Objective: To determine the sensitivity of MR imaging for the detection of abnormal parathyroid glands in patients with biochemical evidence of hyperparathyroidism and to identify the factors affecting detection.
Subjects and methods: Between 1985, 82 patients with biochemical proof of hyperparathyroidism were referred for MR imaging of the parathyroid glands prior to surgery. Axial T1- (600/20 [TR/TE]) and T2-weighted (2500/40, 80) spin-echo images were obtained using an anterior neck surface coil. The interpretation of the MR image was compared with the findings at surgery and also correlated with gland histology, volume, and weight. Cases in which a false-positive or false-negative diagnosis was made were reviewed to determine the factors affecting detection.
Results: MR imaging detected 71 of 92 (77%) surgically proven abnormal glands (sensitivity, 77%; 95% confidence interval (CI), 68-86%) and misdiagnosed five (1.6%) of 314 normal glands as abnormal. There was no difference in the detection of enlarged glands in patients presenting for the first time (n = 71) (sensitivity, 77%; 95% CI, 66-86%) compared with patients with recurrent hyperparathyroidism (n = 12) (sensitivity, 77%; 95% CI, 46-95%). There was no significant difference in the detection of adenomas (sensitivity, 77%; 95% CI, 65-86%) compared with hyperplasia (sensitivity, 71%; 95% CI, 42-92%). Of five patients with ectopic parathyroid glands (1.6%), four had had previous surgery. All five glands were successfully located (three mediastinal, two in the neck). Factors contributing to a false-negative MR imaging diagnosis included small gland size and thyroid disease. Four of five false-positive diagnoses were due to enlarged lymph nodes being mistaken for parathyroid glands.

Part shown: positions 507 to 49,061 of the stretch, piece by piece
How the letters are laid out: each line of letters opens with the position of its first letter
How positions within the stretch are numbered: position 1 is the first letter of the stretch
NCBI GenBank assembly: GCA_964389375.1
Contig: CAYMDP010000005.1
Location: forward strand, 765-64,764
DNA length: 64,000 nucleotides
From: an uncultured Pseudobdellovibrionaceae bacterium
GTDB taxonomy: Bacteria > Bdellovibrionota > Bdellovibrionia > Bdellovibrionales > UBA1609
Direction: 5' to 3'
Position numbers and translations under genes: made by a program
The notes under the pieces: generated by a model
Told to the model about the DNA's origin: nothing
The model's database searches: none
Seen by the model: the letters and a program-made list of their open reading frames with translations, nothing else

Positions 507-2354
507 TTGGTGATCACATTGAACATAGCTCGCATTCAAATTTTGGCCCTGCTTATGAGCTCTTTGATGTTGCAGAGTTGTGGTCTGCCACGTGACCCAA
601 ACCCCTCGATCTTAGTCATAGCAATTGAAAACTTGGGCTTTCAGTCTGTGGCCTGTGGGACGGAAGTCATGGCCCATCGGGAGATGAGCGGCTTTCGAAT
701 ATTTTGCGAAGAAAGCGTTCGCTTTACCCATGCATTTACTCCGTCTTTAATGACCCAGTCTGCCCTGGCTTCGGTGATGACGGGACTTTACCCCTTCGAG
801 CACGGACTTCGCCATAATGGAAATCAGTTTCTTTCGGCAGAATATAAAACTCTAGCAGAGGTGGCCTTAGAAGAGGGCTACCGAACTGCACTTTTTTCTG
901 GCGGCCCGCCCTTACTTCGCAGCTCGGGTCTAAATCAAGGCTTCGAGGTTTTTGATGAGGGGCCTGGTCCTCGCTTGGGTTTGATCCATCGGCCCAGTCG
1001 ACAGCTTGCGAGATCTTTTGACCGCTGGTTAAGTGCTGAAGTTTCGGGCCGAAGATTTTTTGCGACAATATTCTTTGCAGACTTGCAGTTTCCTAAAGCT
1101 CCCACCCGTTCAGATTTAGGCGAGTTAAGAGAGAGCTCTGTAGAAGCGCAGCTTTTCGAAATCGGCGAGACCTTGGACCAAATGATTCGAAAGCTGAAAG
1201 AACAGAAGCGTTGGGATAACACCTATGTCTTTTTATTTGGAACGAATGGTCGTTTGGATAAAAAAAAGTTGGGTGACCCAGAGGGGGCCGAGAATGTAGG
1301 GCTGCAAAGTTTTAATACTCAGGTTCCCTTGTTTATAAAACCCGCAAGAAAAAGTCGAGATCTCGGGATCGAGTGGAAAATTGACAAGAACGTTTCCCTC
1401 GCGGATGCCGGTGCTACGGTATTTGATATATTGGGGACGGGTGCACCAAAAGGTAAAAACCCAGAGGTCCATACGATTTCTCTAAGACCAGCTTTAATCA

Conclusions: MR imaging is an accurate technique for investigation of hyperparathyroidism. Pitfalls include low sensitivity for the identification of small glands, misinterpretation of enlarged lymph nodes as parathyroid adenomas, and misinterpretation because of thyroid disease. MR imaging is particularly useful in the investigation of patients who remain hypercalcemic following initial surgery.